ELISA PRICE, individually and as limited guardian ad litem for her son C.P., Plaintiff,
UNITED STATES OF AMERICA, Defendant.
ORDER GRANTING MOTION TO DISMISS WITHOUT PREJUDICE
BENJAMIN H. SETTLE, District Judge.
This matter comes before the Court on Defendant United States of America's ("Government") motion to dismiss pursuant to Fed.R.Civ.P. 12(b)(1) (Dkt. 6). The Court has considered the pleadings filed in support of and in opposition to the motion and the remainder of the file and hereby grants the motion for the reasons stated herein.
I. PROCEDURAL & FACTUAL BACKGROUND
On December 28, 2011, Plaintiff Elisa Price ("Price"), individually and as limited guardian ad litem for her son C.P., filed a complaint in Pierce County Superior Court against Chief Leschi Schools and Richard Keller ("Keller"), individually and on behalf of the marital community composed thereof. Dkt. 1-2. The complaint alleges that on May 18, 2010, C.P. was struck by a bus while crossing at a controlled intersection with the crossing signal in his favor. Id. at 3. Plaintiff maintains the bus was driven by Keller. Dkt. 8 at 1.
On August 15, 2013, Price filed an administrative claim with the Bureau of Indian Affairs ("Bureau") regarding the alleged May 18, 2010 incident, which is the subject of her complaint. Dkt. 7 at 4-8.
On October 8, 2013, the Government removed the action to this Court pursuant to the Federal Tort Claims Act ("FTCA"), substituting the United States as the sole defendant upon certification that Keller was acting within the scope of his employment during the alleged accident. See Dkts. 1 and 1-3.
On October 16, 2013, the Government filed the instant motion to dismiss Price's complaint without prejudice on the basis that she failed to exhaust her administrative claims as required by 28 U.S.C. § 2675(a). Dkt. 6 at 2-3. On November 11, 2013, Price responded. Dkt. 8. On November 15, 2013, the Government replied. Dkt. 10.
A. Legal Standards
Pursuant to 28 U.S.C. § 2675(a), a plaintiff may not pursue a tort claim in federal court against the United States without first presenting an administrative claim to the appropriate federal agency and allowing the agency to consider her claim for six months before she can file a lawsuit in federal court. See 28 U.S.C. § 2675(a).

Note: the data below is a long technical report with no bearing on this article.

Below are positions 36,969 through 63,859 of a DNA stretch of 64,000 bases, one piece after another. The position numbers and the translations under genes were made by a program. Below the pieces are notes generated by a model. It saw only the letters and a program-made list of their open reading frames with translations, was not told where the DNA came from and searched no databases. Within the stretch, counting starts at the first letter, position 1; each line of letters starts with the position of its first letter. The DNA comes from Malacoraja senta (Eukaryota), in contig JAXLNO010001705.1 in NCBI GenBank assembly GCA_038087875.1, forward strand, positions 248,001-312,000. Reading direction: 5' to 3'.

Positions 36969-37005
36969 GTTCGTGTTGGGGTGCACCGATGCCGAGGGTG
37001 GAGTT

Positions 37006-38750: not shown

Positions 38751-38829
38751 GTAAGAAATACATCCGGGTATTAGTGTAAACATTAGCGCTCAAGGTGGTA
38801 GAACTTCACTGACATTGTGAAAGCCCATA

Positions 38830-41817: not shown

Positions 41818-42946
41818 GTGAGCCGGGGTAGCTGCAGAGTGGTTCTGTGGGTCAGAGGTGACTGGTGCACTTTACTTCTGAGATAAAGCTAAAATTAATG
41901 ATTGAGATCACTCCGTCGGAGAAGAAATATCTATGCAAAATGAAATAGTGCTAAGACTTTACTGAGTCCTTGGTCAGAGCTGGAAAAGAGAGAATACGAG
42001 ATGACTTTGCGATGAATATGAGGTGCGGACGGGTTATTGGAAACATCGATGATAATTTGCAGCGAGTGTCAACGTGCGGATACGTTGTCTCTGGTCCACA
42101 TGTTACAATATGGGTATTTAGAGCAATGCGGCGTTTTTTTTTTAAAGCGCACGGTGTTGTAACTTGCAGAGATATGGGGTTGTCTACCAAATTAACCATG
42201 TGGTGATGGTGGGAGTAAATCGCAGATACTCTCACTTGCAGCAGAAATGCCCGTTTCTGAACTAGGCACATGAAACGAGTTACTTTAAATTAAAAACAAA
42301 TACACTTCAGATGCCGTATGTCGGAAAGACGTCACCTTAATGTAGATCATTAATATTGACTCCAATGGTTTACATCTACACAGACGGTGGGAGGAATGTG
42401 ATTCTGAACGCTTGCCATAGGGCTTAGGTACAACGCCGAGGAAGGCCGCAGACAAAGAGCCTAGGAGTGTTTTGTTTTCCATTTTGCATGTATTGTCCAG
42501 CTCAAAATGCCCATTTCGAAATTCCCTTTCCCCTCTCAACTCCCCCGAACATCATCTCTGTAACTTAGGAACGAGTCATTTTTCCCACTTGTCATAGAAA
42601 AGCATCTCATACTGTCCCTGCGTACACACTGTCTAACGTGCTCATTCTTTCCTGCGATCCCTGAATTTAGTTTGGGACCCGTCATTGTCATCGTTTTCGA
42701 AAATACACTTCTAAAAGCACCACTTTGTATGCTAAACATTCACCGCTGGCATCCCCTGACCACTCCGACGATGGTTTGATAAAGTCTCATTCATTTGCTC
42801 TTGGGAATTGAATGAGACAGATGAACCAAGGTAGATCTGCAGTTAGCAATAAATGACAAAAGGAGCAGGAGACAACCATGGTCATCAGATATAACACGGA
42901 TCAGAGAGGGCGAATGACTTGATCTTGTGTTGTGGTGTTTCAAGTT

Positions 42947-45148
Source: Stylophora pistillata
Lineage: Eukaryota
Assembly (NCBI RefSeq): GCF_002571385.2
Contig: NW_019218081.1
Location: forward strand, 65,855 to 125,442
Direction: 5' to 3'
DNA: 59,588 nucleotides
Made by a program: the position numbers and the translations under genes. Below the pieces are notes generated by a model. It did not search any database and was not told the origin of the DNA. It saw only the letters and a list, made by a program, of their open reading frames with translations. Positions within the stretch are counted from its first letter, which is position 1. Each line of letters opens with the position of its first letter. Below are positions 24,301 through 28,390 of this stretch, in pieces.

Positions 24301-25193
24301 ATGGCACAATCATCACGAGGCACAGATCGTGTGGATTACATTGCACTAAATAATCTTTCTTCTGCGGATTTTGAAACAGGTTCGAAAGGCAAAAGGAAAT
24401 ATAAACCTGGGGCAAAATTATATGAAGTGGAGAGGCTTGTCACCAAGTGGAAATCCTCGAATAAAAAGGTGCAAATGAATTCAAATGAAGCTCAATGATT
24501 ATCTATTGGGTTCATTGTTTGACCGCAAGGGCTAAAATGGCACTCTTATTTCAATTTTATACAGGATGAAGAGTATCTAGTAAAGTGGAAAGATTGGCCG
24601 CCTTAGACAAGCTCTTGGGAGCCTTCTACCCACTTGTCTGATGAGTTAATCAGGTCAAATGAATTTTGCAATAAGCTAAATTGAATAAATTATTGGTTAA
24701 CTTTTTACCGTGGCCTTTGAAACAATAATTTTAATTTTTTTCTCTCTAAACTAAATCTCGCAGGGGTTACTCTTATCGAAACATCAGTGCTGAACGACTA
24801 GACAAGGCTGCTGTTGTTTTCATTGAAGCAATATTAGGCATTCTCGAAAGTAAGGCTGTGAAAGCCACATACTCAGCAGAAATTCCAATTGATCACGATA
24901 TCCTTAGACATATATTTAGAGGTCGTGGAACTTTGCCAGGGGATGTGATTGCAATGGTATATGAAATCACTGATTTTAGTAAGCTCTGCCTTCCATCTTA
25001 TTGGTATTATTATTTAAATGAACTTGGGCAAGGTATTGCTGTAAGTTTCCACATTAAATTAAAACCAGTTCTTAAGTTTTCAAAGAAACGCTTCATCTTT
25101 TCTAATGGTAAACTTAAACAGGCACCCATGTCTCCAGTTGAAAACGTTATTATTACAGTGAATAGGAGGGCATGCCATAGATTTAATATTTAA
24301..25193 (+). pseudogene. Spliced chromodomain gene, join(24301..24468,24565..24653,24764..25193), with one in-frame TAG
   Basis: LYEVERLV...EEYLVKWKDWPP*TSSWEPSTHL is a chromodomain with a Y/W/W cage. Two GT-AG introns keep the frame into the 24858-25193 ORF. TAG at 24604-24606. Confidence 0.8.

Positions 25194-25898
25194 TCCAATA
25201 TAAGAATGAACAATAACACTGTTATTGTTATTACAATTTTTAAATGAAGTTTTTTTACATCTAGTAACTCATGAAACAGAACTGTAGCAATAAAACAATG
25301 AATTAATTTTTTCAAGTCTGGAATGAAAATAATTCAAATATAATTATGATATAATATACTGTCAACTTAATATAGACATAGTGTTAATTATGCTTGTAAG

The administrative exhaustion requirement at Section 2675(a) is jurisdictional. See, e.g., Brady v. United States, 211 F.3d 499, 502 (9th Cir. 2000), cert. denied, 531 U.S. 1037 (2000); see also Vacek v. U.S. Postal Service, et al., 447 F.3d 1248, 1250-51 (9th Cir. 2006), cert. denied, 550 U.S. 906 (2007); Cadwalder v. United States, 45 F.3d 297, 300-01 (9th Cir. 1995); Burns v. United States, 764 F.2d 722, 724 (9th Cir. 1985). Because the administrative exhaustion requirement is jurisdictional in nature, the FTCA's exhaustion requirements must be strictly construed. See, e.g., Vacek, 447 F.3d at 1250-51. Subject matter jurisdiction cannot be waived. See, e.g., Arbaugh v. Y & H Corp., 546 U.S. 500, 514 (2006).
B. Application of Standards
The Government argues that because Price did not fulfill the administrative exhaustion requirement prior to filing suit in federal court this Court lacks jurisdiction, as she must allow the Bureau an additional four months to process her complaint before filing suit in federal court. Dkt. 10.
Price argues this lawsuit should not be dismissed apparently because she filed an administrative action with the Bureau; the Government failed to submit the complaint and pleadings to the United States Attorney's Office as required by 28 U.S.C. § 2679(c) during the pendency of the state court proceedings; and the Government chose to invoke federal court jurisdiction before the Bureau's time to respond to her complaint had elapsed. See Dkt. 8 at 2-3. Alternatively, Price argues that this action should be stayed until February 19, 2013 to ...